The 2020 MLB season featured a plethora of rule changes, some implemented before the pandemic came into play, and some after. In an interview with the AP yesterday, MLB commissioner Rob Manfred said he was a fan of some of these rules, specifically the larger playoffs and the runner on second base to start extra innings. Unfortunately, it seems like these rules didn’t treat the Rockies all that well. In addition to the aforementioned two, there was the universal DH, the three batter minimum for pitchers, and the 7-inning games for doubleheaders. Let’s take a look at how all these changes impacted the Rockies in 2020.
There’s not a whole lot for me to break down for this one. The Rockies didn’t make the playoffs and that’s bad. You already know that and you also know that watching October baseball from home is significantly worse when you have twice as many teams playing in those games. Nolan put it best towards the end of the year: “If we don’t make the playoffs, that’s not a very good sign.”
Runner on 2nd Base to start Extra Innings
This one is a little trickier to break down since we’ll never be able to know what would have happened in extra inning games for the Rockies without the extra inning. The sample size was also pretty small, as the Rockies played only three games that went to extra innings in 2020. They won one while dropping two for an unimpressive .333 winning percentage. Regardless, it’s hard to draw any real conclusions from this one so I’ll just throw in my unsolicited opinion. I, like Manfred, am a fan of this rule and wouldn’t mind seeing it implemented permanently going forward.
The Universal DH
In 2019 Rockies pitchers combined to hit for a .140 batting average and a .180 OBP. Take out Germán Márquez, who accounted for all of the doubles (4) and triples (1) for the staff, and the stat line is even worse. While that bar is extremely low and the Rockies DHs did perform better this year, it wasn’t a huge step forward by any means. All of the designated hitters rolled out by the Rockies this year combined to hit .212 with an OBP of .283. Improvement? Sure, but not by much. According to Baseball Reference’s Wins Above Average by position, the Rockies designated hitters were worth -0.6 wins. This gave them the 20th best ranking in the majors and 11th in the National League. If it helps to soften the blow at all, only eight teams across all of MLB actually managed a positive Wins Above Average here. Either way, the Rockies didn’t get the production from the DH position that they would have hoped for going into the season. Next up, the three batter minimum.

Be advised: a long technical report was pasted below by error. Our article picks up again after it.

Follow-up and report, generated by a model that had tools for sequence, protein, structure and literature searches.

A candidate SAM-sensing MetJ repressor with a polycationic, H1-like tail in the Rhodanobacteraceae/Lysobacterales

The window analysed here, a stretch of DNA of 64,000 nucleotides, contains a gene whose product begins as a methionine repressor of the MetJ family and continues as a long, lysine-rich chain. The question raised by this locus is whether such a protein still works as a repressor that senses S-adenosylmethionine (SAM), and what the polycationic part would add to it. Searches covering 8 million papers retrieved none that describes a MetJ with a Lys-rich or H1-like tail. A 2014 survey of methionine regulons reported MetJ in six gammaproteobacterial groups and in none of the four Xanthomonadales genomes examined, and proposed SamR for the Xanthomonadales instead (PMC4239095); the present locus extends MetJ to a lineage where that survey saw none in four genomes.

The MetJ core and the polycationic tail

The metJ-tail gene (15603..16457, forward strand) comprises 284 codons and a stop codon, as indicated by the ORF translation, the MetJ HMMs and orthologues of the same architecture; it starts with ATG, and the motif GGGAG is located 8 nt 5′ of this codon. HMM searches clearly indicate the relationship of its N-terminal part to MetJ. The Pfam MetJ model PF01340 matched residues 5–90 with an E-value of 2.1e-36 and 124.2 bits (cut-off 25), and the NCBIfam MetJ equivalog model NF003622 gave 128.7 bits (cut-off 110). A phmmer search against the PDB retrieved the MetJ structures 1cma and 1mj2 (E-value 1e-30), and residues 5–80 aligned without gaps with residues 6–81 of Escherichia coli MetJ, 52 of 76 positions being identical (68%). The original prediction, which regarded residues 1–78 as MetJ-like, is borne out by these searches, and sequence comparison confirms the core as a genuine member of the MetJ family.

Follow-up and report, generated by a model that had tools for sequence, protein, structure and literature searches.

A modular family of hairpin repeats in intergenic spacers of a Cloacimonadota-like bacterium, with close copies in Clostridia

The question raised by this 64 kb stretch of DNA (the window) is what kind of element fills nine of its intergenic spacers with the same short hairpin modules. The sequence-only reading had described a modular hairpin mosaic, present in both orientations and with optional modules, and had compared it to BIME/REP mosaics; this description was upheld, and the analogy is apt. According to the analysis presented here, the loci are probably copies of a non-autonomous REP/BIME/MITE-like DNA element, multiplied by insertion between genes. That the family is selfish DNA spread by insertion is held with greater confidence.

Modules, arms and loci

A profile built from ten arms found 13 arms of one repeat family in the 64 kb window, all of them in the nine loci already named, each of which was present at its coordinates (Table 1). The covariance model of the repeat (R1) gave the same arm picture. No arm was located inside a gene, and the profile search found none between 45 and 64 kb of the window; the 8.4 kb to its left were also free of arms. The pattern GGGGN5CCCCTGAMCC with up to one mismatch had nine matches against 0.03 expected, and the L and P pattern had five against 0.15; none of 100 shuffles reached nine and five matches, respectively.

The Three Batter Minimum
Now we’ve come to one of the rules that was put into place before the pandemic took hold of the 2020 season. In the hope of speeding up games and reducing pitching changes, the league decided to make pitchers face a minimum of three batters before being taken out.
Once again, we have a rule change that is relatively tricky to evaluate due to its “what-if” nature. Regardless, our poll from yesterday about the Rockies biggest need this offseason suggests that the bullpen needs some serious help. If you think the new rule hurt the Rockies, I sure hope you’re right because the 6.77 ERA this team’s bullpen put up was unsightly and good for 29th worst in baseball. If you think the new rule helped the Rockies, well...yikes. Watch out Phillies, we’re coming for your 7.06 bullpen ERA!
Again, there’s no real method to the madness here so I’ll keep it short and sweet. The Rockies only had one doubleheader all year, against the Diamondbacks, but they lost both games by a combined score of 15-5. Safe to say the 7-inning rule is no good and should be permanently abolished, right?
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There were five categories that Bleacher Report developed for this ranking: Not a chance, financial limitations, not quite contenders, dark horses, and the top ten. I pretty safely (and correctly) assumed the Rockies wouldn’t make the top 10 on this list but as far as I’m concerned, their worthiness of the other four groups is pretty equal. Dark horse was probably the biggest stretch, but for a guy who has said he wants to only sign one-year contracts for the rest of his career, as Bauer has, why not give it a shot at a high altitude to prove your worth? Well, the Rockies were lucky enough to end up in the “not a chance” group, because apparently we can’t have nice things. Trevor Bauer might just have to sign with the Rockies to spite Bleacher Report. Seems like a great idea to me.
Game 1 of this year’s World Series saw the lowest TV viewing audience of any World Series game. An average of 9,195,000 viewers tuned in for the Dodgers 8-3 win, underperforming the previous low of 9,836,000 set by the same Rays during their only other World Series appearance in 2008. While it’s possible that these numbers are a reflection on baseball’s popularity, or the Rays for the matter, there is a presidential election 12 days away (14 from the day of Game 1) amidst a pandemic that continues to grip the world so it’s quite possible people just aren’t that focused on baseball. If you’re reading this, you’re probably not one of those people.
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